Tuesday, September 25, 2018

Seeds of Faith

“Why do you not leave the Catholic church?”

At this debilitating and demoralizing time within our church, I decided to take a small survey on why some people choose NOT to leave the Church, why they don’t do as so many refugees do as they run away from what is harmful, abusive and a tremendous challenge to their very lives and faith! Here are some of their answers:

  • "Like Peter, I respond, 'Lord, to whom shall we go? You have the words of eternal life.'"
  • "Even when our favorite pastor got into abusive relationships, I never even thought of giving up my faith! I’m not tied to an individual; I believe in God."
  • "I believe in Pope Francis and broke into tears when the election returns were announced five years ago. The Spirit was in that election, and is in him!"
  • "I love the church; this is my home; this is where I was nurtured!"
  • "I believe there is a Higher Power who will sustain us."
  • "I don’t put my faith in anyone except God. We all fail; God doesn’t."

Photo by Lisa Rose, OSB

Are you able to make a decision like these persons have made? Are you standing firm? This summer, on our small veranda where the "floor" is made of cement bricks, I felt myself confirmed in hope! There were eight or nine seeds of one kind or another that found their way up through the narrow openings between the bricks! Would you believe that the floor began to sprout? Even a Canadian thistle! Somehow, perhaps metaphorically, these seedlings were the message: LIFE finds a way! For weeks, I had waited until the tiny seedlings began to grow and blossom! The promise of Christ to be with us til the end of time gives me life and hope! "I believe, Lord, help thou by unbelief!"

Renée Domeier, OSB

Tuesday, September 18, 2018

Food for the Journey

Photo: Jennifer Morrissette-Hesse

During these harvesting months, it’s easy to think about the smell of homemade bread, and if you are from Minnesota, you perhaps have the memory of delighting in the hearty taste of Minnesota harvested wild rice soup. This grain has been harvested from the river grasses for many centuries by the Ojibwa/Chippewa peoples (they refer to themselves as Anishinabe, which is an Indian term meaning “original person”). I can’t help but wonder if the early Anishinabe peoples wondered what they actually were eating as they first cooked this treasured grain. Maybe they were like the Israelites in the desert who exclaimed "What is this?" when they first saw the Manna in on the desert floor ("manna" is translated into English as "What is this?"). Is that the question that all of us need to keep asking ourselves on our life journey? 

What might we discover if we look at each surprising event in our life, whether it delights or confuses us, as “Manna,” food for the journey? How might “ruminating” on these surprising events teach and nurture us? How might we share it? How might the sharing of these events with one another actually pollinate and create a nurturing environment for us personally and for our journeying companions?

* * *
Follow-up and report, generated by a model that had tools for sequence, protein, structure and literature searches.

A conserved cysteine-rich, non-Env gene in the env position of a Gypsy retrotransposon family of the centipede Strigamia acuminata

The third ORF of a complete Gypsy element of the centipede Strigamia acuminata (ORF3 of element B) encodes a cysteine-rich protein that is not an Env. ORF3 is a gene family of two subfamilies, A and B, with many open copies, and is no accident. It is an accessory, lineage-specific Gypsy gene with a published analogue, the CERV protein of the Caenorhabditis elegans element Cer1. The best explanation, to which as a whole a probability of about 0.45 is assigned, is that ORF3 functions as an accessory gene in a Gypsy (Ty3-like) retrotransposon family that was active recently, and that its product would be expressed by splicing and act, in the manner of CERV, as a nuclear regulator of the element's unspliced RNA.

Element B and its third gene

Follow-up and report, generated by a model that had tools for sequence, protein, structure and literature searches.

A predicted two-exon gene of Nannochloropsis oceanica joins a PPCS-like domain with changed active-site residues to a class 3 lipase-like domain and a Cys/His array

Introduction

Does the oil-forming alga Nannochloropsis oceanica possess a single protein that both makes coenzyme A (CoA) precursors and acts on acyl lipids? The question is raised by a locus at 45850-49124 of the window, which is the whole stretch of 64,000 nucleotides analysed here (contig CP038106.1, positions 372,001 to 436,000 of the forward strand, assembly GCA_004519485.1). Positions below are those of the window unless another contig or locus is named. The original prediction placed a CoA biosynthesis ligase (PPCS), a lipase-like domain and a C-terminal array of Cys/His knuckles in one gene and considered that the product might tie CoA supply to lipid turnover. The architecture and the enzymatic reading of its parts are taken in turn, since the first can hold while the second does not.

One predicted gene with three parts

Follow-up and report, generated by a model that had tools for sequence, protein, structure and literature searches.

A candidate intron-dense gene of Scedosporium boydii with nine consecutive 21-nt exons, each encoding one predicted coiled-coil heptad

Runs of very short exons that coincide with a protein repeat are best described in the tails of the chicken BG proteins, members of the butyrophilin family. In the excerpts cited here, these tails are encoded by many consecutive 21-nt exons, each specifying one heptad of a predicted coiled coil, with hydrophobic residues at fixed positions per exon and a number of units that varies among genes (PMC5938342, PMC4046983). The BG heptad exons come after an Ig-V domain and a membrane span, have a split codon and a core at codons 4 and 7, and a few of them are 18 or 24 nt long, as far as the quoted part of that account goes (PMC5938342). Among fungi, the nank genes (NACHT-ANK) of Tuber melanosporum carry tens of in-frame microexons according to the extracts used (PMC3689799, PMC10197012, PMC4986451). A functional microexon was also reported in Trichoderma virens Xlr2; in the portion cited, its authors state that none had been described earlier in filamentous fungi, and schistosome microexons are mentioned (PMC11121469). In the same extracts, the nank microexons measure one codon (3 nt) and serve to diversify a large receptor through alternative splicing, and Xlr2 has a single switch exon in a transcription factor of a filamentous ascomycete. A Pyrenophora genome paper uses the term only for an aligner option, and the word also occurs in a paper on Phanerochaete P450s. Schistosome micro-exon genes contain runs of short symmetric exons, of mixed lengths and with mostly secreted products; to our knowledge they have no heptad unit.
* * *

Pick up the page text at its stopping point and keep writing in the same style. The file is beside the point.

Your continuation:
Mary Rachel Kuebelbeck, OSB

Tuesday, September 11, 2018

We Create the World We Want!

James Bowey, photographer and oral historian for refugees running from their native "homes that won’t let them stay," recently provided an exhibit at the Paramount. The documentary hopes "that portraits and vignettes are universally humanizing" (St. Cloud Times, 7/8/2018), that refugee stories and experiences might touch our hearts while endless debates seem to not only prolong the process, but deaden our spirits! Many of his comments penetrated my soul; e.g. "We create the world we want by the stories we tell of one another!" I keep reminding myself: "WE CREATE the WORLD we WANT by the STORIES we tell of ONE ANOTHER!"

What do I say after having watched my country’s tribute and burial of Senator John McCain? Of singer, Aretha Franklin? Of the wounded and wounding Church I love?

Can I find never-failing goodness there and reveal that to my world?

What about my next door neighbor who may be one of the Muslim strangers in my country? Or our present and past presidents, black or white, beloved or not? Can I find and celebrate their goodness?

Recently I raised a glass of wine while my friend toasted: "To the goodness in all of us!" I like that! "We create the world we want by the stories we tell of one another!" Therefore, I raise my voice, over and over again, to the goodness in YOU, my reader, and YOU...and YOU...and YOU whom I do not yet know, but in whom lies so much goodness! Adelante! Salud! L-chaim! To LIFE!

Renée Domeier, OSB

Tuesday, September 4, 2018

Sparking a Flame

Photo: Nancy Bauer, OSB

One of the sanctuary candles in Sacred Heart Chapel was bathed in sunlight on a recent summer afternoon. Its beauty caught me immediately by surprise as I was walking through the chapel. One candle was lit by the sun while the other three remained in the darkness of shadows. I had to slow down my usual quick walk through the chapel and simply pause for a prayer of gratitude. The candle was brought to life that afternoon by the sunlight shining through the windows. The light that surrounded the candle had more splendor than I had ever witnessed before. A flame sparked within my heart, and in that moment, I felt like I was in touch with God in an intimate way. I took a few seconds to ponder what I was witnessing, grateful that as I paused, I was living fully in that moment of time. We celebrate the Eucharist in our chapel, surrounding the sanctuary and the candles, on a regular basis, so the space is one I am accustomed to seeing. At the same time, on that particular afternoon, the familiar changed for me. I opened my eyes to a new experience. I learned again to be aware of God in everything at any time.

If you would like more information about Saint Benedict’s Monastery, please contact Sister Lisa Rose at lrose@csbsju.edu.

Lisa Rose, OSB